Temple of Apollo (Syracuse)

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The Temple of Apollo (Tempio di Apollo, Greek: Ἀπολλώνιον Apollonion), is one of the most important ancient Greek monuments on the Isand of Ortygia, in front of the Piazza Pancali in modern Syracuse, Sicily, Italy.

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Dating to the 6th century BCE, this temple is one of the most ancient Doric temples in Sicily, and among the first with the layout consisting of a peripteros of stone columns. This layout became standard for Greek temples. The temple underwent several transformations: closed during the persecution of pagans in the late Roman Empire, it was a Byzantine church, from which period the front steps and traces of a central door are preserved, and then an Islamic mosque during the Emirate of Sicily. After the Norman defeat of the Saracens, it was reconsecrated at the Church of the Saviour, which was then incorporated into a 16th-century CE Spanish barracks and into private houses, though some architectural elements remained visible. These successive renovations severely damaged the building, which were rediscovered around 1890 inside the barracks and was brought to light in its entirety thanks to the efficient excavations of Paolo Orsi.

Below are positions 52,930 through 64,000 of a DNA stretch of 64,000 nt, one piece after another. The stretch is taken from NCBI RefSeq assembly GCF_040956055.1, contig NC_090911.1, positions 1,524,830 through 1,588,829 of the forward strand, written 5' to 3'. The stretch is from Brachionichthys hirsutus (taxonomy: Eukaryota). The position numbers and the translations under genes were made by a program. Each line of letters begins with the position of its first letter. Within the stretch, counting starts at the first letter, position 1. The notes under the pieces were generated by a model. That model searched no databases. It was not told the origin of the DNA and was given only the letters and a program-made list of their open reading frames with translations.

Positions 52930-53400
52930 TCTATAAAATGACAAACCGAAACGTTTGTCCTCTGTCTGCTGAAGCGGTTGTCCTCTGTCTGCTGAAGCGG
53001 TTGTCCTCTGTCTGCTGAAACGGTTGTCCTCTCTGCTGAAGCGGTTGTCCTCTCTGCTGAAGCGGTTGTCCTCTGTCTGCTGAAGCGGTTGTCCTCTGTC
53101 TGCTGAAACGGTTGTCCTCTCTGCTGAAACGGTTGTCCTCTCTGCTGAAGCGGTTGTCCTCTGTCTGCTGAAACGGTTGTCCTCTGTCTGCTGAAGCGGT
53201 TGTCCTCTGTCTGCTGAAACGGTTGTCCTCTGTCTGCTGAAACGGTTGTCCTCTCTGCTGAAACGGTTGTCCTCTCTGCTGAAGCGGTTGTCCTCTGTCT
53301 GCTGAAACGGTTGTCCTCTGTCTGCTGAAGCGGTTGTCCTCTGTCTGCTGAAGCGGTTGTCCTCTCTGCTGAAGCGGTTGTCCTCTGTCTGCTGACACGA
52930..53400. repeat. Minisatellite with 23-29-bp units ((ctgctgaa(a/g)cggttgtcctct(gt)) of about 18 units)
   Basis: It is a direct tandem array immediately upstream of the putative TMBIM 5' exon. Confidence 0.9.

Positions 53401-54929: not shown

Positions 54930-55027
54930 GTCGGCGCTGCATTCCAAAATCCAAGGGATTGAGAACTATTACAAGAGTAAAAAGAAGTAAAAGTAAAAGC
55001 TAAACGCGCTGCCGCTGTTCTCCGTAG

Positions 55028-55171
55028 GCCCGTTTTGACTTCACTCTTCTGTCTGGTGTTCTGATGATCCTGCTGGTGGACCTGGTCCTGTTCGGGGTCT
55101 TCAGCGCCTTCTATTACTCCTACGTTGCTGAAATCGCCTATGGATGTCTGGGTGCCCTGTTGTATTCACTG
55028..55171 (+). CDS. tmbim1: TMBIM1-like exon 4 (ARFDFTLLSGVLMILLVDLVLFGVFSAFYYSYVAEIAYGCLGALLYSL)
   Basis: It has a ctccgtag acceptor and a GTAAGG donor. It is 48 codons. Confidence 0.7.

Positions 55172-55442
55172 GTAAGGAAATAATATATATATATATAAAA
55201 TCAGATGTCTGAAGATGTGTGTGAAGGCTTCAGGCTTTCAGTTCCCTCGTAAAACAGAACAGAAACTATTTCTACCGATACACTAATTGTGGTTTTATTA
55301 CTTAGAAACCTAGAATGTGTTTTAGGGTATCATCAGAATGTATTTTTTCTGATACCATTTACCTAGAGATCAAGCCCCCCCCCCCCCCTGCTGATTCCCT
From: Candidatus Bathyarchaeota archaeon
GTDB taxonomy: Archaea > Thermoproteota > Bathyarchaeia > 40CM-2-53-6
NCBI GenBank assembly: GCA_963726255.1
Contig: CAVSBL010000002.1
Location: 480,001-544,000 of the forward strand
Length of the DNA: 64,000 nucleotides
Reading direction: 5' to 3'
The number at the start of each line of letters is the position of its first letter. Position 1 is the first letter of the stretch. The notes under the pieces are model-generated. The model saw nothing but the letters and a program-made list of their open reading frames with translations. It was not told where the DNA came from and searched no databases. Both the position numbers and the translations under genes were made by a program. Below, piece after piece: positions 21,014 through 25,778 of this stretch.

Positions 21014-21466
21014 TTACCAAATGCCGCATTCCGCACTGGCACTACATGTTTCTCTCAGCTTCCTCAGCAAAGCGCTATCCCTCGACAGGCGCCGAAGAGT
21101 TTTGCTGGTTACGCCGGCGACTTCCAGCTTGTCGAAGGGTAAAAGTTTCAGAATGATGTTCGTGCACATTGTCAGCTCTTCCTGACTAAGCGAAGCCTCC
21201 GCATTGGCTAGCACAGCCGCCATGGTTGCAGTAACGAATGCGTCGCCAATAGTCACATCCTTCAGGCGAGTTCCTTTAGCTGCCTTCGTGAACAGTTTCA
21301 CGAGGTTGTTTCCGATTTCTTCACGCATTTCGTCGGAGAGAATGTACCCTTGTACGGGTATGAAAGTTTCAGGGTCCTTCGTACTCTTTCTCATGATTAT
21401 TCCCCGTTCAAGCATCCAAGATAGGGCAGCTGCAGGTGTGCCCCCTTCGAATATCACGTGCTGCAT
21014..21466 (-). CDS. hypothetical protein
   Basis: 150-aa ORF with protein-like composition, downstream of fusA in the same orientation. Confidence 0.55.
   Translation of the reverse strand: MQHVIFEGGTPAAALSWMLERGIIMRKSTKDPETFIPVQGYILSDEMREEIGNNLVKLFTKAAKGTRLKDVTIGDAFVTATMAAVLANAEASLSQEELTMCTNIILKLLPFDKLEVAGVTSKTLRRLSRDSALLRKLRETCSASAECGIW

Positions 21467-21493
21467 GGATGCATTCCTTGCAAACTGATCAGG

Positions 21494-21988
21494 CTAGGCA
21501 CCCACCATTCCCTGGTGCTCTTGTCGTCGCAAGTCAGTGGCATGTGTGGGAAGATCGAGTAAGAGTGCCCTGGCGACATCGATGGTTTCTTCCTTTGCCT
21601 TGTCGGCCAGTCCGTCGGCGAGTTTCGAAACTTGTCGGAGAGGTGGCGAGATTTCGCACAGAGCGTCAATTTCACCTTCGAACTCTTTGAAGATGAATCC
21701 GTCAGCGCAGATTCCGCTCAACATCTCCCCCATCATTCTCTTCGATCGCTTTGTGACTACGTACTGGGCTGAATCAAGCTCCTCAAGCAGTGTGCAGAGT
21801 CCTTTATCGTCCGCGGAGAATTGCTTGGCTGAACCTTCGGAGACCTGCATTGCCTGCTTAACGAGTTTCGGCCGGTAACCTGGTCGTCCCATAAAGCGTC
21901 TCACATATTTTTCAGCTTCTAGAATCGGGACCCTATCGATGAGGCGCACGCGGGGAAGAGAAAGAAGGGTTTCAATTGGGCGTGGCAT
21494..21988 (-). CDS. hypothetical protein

circa 70-80 CE

The construction of a building with forty-two monolithic columns, probably transported by sea, must have seemed incredible to its builders, as demonstrated by the unusual inscription on the top step on the eastern face dedicated to Apollo, in which the builder (or the architect) celebrates the construction of the building with an emphasis on the pioneering character of the construction.

circa 70-80 CE

The temple's stylobate measures 55.36 x 21.47 metres, with its very squat columns in a 6 x 17 arrangement. It represents the moment of transition in the Greek west between temples with a wooden structure and those built completely out of stone, with a hexastyle front and a continuous colonnade around the perimeter which surrounds the pronaos and a naos divided into three aisles by two internal colonnades of more slender columns, which supported a wooden roof, which is difficult to reconstruct. At the back of the naos was a closed space, typical of Sicelian temples, called an adyton.

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